Check-raise is permitted in all games, except in certain forms of lowball.
In no-limit and pot-limit games, unlimited raising is allowed.
In limit badugi, for a pot involving three or more players who are not all-in, these limits on raises apply:
- A game with three or more betting rounds allows a maximum of a bet and three raises.
- A game with two betting rounds (such as lowball or draw) allows a maximum of a bet and four raises.
Unlimited raising is allowed in heads-up play. This applies any time the action becomes heads-up before the raising has been capped. Once the raising is capped on a betting round, it cannot be uncapped by a subsequent fold that leaves two players heads-up.
In limit play, an all-in wager of less than half a bet does not reopen the betting for any player who has already acted and is in the pot for all previous bets. A player facing less than half a bet may fold, call, or complete the wager. An all-in wager of a half a bet or more is treated as a full bet, and a player may fold, call, or make a full raise. (An example of a full raise is on a 20.000 won betting round, raising a 15.000 won all-in bet to 35.000 won).
Any wager must be at least the size of the previous bet or raise in that round, unless a player is going all-in.
The smallest chip that may be wagered in a game is the smallest chip used in the antes, blinds, rake, or collection. (Certain games may use a special rule that does not allow chips used only in house revenue to play.) Smaller chips than this do not play even in quantity, so a player wanting action on such chips must change them up between deals. If betting is in dollar units or greater, a fraction of a dollar does not play. A player going all-in must put all chips that play into the pot.
A verbal statement denotes your action and is binding. If in turn you verbally declare a fold, check, bet, call, or raise, you are forced to take that action.
Rapping the table with your hand is a pass.
Deliberately acting out of turn will not be tolerated. A player who checks out of turn may not bet or raise on the next turn to act. An action or verbal declaration out of turn may be ruled binding if there is no bet, call, or raise by an intervening player acting after the infraction has been committed.
To retain the right to act, a player must stop the action by calling “time” (or an equivalent word). Failure to stop the action before three or more players have acted behind you may cause you to lose the right to act. You cannot forfeit your right to act if any player in front of you has not acted, only if you fail to act when it legally becomes your turn. Therefore, if you wait for someone whose turn comes before you, and three or more players act behind you, this still does not hinder your right to act.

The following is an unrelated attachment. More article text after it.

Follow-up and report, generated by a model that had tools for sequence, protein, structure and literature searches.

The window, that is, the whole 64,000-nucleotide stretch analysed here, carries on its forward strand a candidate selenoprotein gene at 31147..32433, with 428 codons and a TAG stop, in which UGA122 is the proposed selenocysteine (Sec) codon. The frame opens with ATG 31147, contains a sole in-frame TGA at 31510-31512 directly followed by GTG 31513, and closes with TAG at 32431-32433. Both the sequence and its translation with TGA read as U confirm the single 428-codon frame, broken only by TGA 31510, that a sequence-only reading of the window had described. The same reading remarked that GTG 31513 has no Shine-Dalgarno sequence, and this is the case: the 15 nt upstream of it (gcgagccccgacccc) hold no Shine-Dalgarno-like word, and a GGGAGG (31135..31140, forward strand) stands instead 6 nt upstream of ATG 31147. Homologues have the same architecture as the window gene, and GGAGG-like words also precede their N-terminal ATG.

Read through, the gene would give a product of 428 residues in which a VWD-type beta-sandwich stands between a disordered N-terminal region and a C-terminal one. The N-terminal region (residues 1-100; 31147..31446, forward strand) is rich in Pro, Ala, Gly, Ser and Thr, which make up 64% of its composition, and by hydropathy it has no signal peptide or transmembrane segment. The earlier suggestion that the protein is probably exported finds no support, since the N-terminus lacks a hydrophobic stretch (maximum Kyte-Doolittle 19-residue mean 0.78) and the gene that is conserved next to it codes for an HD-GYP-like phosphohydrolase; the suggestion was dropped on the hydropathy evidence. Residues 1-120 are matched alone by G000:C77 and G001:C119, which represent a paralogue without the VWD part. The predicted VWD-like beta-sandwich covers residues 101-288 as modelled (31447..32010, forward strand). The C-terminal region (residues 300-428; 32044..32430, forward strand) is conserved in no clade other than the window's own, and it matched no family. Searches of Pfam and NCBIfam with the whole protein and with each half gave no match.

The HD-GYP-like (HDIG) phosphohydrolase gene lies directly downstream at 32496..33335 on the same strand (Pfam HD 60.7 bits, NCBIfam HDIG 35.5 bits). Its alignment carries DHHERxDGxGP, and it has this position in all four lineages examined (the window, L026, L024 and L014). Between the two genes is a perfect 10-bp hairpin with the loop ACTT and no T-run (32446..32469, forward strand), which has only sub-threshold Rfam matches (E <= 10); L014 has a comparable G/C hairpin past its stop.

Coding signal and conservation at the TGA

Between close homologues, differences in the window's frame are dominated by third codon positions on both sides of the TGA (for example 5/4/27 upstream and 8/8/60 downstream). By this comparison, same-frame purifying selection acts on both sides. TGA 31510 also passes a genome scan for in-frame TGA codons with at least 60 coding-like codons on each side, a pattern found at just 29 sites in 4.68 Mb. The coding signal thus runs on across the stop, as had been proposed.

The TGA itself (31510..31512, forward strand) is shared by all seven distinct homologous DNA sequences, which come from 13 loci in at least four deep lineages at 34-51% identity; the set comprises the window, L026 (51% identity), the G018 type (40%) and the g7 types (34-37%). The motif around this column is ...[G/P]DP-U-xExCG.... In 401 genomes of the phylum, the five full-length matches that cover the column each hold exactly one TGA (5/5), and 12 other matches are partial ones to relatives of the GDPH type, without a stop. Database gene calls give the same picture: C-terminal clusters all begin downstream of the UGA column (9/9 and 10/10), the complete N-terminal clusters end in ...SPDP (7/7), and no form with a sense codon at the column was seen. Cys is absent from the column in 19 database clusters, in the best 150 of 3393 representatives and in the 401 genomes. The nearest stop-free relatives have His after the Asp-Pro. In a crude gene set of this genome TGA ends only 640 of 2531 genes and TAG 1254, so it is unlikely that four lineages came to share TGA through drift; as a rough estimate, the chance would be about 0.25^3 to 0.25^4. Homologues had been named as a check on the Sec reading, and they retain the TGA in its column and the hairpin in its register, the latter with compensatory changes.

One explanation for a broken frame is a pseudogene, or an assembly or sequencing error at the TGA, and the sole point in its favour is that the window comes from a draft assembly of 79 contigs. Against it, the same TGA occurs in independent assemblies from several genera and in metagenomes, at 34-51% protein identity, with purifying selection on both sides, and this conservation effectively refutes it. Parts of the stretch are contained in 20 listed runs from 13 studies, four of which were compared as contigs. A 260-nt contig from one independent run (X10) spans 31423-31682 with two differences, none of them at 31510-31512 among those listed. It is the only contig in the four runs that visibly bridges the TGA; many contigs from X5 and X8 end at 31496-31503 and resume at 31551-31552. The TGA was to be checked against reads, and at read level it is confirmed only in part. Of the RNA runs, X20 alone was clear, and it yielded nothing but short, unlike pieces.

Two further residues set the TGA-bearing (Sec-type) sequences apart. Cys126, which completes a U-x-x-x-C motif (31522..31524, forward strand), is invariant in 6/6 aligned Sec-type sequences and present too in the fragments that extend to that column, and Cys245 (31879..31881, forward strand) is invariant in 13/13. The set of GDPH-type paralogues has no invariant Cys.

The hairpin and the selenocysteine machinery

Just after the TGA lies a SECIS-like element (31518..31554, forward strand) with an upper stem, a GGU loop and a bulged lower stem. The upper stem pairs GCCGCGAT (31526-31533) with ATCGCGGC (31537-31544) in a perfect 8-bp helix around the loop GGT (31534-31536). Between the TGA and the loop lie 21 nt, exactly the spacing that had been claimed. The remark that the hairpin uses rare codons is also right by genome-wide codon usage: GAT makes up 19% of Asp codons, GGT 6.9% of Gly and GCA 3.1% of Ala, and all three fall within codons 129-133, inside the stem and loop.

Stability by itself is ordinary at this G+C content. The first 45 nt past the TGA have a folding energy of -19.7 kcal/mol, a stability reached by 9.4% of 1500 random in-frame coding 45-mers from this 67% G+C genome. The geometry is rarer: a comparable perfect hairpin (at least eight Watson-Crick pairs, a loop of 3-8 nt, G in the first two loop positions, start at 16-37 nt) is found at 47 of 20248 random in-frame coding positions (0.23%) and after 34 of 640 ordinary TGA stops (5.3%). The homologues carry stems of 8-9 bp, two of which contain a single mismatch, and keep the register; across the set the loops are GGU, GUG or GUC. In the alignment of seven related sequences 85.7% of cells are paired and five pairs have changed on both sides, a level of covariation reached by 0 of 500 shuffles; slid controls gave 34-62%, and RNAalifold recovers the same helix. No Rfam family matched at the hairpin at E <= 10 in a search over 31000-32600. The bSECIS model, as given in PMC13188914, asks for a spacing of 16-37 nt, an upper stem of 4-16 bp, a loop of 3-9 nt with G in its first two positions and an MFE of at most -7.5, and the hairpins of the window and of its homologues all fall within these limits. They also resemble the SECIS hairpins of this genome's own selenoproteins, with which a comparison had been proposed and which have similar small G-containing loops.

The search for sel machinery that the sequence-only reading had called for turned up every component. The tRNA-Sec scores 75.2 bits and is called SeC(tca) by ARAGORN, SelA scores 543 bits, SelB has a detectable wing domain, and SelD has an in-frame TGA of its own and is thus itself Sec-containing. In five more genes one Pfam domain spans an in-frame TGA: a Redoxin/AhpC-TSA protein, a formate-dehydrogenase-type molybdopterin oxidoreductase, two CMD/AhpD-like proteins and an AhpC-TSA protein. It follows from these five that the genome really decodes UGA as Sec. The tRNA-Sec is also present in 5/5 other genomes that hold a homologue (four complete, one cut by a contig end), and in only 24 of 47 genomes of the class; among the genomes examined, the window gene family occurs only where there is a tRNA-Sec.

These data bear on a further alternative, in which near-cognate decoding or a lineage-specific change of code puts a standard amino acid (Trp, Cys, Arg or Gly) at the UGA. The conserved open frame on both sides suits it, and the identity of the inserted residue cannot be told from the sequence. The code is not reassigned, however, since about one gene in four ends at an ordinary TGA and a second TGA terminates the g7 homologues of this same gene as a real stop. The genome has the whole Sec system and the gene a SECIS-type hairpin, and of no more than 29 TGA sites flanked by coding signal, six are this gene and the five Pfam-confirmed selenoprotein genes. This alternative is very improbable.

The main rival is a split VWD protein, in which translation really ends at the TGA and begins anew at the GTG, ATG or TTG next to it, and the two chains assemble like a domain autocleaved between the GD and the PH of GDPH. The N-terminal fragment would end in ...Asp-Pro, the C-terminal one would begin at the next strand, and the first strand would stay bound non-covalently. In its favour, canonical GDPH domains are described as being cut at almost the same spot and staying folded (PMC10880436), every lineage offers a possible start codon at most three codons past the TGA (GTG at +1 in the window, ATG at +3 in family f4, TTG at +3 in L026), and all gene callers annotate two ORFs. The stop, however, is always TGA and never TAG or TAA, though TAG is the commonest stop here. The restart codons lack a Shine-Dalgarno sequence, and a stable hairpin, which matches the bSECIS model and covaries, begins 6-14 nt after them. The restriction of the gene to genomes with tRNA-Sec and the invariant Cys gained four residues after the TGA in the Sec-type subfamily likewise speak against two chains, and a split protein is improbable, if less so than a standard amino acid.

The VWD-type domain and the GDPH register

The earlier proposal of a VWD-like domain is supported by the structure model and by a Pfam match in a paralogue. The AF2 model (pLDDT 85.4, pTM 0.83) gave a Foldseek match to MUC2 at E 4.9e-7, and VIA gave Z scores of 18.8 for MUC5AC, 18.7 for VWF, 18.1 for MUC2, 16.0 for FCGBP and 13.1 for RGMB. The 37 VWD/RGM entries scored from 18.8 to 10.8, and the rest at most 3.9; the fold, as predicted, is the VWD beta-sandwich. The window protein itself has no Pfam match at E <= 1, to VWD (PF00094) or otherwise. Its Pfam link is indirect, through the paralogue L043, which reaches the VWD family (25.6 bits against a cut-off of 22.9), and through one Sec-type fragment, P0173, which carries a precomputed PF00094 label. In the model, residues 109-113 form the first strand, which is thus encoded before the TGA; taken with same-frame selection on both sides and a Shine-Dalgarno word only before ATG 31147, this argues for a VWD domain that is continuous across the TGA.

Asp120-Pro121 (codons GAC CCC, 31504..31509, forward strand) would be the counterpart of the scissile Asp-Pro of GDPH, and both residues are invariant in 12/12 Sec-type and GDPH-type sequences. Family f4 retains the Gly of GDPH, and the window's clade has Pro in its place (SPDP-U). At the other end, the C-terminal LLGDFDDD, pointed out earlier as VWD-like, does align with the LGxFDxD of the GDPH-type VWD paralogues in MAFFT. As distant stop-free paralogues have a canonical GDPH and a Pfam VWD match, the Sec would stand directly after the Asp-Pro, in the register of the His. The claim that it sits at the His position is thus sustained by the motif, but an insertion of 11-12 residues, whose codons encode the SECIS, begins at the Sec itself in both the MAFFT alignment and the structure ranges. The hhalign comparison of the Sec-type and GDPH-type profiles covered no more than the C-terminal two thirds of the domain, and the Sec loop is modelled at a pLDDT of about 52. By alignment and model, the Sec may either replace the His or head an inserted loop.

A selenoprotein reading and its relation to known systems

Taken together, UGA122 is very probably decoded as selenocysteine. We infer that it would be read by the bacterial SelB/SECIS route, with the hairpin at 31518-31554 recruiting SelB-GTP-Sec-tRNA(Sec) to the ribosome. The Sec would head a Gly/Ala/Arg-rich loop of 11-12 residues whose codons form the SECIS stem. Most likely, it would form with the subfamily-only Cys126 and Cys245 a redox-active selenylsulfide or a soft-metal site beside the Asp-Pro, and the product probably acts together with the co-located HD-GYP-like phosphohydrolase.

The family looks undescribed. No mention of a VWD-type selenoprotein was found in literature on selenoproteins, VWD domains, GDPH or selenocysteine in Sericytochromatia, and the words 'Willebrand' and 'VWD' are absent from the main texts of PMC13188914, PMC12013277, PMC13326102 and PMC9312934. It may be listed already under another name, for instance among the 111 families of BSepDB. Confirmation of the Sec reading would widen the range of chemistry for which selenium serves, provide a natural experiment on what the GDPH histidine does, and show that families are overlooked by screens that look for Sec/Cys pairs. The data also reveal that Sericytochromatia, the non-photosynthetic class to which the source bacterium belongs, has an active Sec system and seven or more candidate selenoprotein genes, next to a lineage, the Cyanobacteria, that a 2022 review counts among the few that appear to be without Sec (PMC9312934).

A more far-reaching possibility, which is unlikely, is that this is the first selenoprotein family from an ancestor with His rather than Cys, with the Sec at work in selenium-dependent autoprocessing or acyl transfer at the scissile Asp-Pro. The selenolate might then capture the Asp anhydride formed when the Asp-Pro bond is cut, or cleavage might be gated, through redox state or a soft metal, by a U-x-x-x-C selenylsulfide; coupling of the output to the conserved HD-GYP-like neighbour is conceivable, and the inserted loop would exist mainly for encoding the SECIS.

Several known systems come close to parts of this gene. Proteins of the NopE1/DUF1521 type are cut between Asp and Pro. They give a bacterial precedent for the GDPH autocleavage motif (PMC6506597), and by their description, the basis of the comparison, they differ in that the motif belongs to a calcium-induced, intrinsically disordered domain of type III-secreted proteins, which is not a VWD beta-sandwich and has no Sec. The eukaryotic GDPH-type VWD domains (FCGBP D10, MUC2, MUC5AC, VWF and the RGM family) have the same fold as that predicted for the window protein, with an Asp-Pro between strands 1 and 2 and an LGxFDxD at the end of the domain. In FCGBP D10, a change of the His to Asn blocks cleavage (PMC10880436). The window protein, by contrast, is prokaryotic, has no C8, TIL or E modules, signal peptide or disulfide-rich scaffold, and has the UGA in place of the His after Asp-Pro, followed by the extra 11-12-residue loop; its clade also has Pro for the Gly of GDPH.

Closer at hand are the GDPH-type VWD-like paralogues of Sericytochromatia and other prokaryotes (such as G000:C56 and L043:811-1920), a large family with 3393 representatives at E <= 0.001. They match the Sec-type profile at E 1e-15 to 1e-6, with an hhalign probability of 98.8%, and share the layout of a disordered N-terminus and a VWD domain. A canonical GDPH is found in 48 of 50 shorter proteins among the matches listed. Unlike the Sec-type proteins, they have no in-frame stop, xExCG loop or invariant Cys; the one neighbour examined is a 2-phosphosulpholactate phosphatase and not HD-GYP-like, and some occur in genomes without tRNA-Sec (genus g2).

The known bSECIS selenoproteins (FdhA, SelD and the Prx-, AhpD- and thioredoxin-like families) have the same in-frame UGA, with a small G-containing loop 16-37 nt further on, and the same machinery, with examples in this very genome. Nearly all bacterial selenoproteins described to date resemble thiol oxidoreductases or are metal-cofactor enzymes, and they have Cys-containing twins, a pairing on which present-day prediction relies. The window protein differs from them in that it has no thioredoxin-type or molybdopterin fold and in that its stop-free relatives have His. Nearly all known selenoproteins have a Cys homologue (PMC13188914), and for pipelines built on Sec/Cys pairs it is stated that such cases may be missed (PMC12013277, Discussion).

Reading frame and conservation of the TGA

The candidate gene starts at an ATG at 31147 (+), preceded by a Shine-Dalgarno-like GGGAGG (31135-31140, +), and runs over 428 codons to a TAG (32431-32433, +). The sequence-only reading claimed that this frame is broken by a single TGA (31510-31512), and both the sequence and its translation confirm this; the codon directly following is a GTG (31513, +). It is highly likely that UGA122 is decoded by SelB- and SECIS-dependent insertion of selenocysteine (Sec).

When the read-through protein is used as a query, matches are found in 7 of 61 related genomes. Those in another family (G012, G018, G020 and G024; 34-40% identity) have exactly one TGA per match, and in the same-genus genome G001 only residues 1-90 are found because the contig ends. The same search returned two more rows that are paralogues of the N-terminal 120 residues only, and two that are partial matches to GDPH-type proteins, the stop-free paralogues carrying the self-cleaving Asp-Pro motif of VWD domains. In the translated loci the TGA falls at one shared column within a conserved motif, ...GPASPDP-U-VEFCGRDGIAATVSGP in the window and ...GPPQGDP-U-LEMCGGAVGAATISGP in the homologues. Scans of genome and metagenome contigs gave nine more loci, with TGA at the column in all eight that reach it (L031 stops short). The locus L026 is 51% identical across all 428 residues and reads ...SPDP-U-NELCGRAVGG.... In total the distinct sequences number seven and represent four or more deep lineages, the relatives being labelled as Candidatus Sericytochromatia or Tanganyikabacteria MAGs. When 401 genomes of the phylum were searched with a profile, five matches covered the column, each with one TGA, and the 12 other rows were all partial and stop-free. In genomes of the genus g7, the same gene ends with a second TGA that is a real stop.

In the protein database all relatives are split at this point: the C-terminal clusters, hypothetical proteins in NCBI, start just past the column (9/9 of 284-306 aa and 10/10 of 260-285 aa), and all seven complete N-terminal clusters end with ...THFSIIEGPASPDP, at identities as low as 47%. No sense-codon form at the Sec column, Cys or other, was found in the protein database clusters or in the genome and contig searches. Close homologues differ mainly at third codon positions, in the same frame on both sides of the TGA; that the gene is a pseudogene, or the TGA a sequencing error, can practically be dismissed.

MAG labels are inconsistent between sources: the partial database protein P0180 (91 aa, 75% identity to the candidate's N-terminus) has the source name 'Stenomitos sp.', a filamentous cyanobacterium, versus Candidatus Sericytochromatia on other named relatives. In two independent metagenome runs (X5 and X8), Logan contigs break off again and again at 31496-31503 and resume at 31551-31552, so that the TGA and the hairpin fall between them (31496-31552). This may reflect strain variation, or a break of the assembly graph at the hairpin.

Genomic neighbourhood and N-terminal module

A player who bets or calls by releasing chips into the pot is bound by that action. However, if you are unaware that the pot has been raised, you may withdraw that money and reconsider your action, provided that no one else has acted after you.
In badugi, if you make a forward motion with chips and thus cause another player to act, you may be forced to complete your action.
String raises are not allowed. To protect your right to raise, you should either declare your intention verbally or place the proper amount of chips into the pot. Putting a full bet plus a half-bet or more into the pot is considered to be the same as announcing a raise, and the raise must be completed. (This does not apply in the use of a single chip of greater value.)
If you put a single chip in the pot that is larger than the bet, but do not announce a raise, you are assumed to have only called. Example: In a 3.000-6.000 won game, when a player bets $6 and the next player puts a 25.000 won chip in the pot without saying anything, that player has merely called the 6.000 won bet.
All wagers and calls of an improperly low amount must be brought up to proper size if the error is discovered before the betting round has been completed. This includes actions such as betting a lower amount than the minimum bring-in (other than going all-in) and betting the lower limit on an upper limit betting round. If a wager is supposed to be made in a rounded off amount, is not, and must be corrected, it shall be changed to the proper amount nearest in size. No one who has acted may change a call to a raise because the wager size has been changed.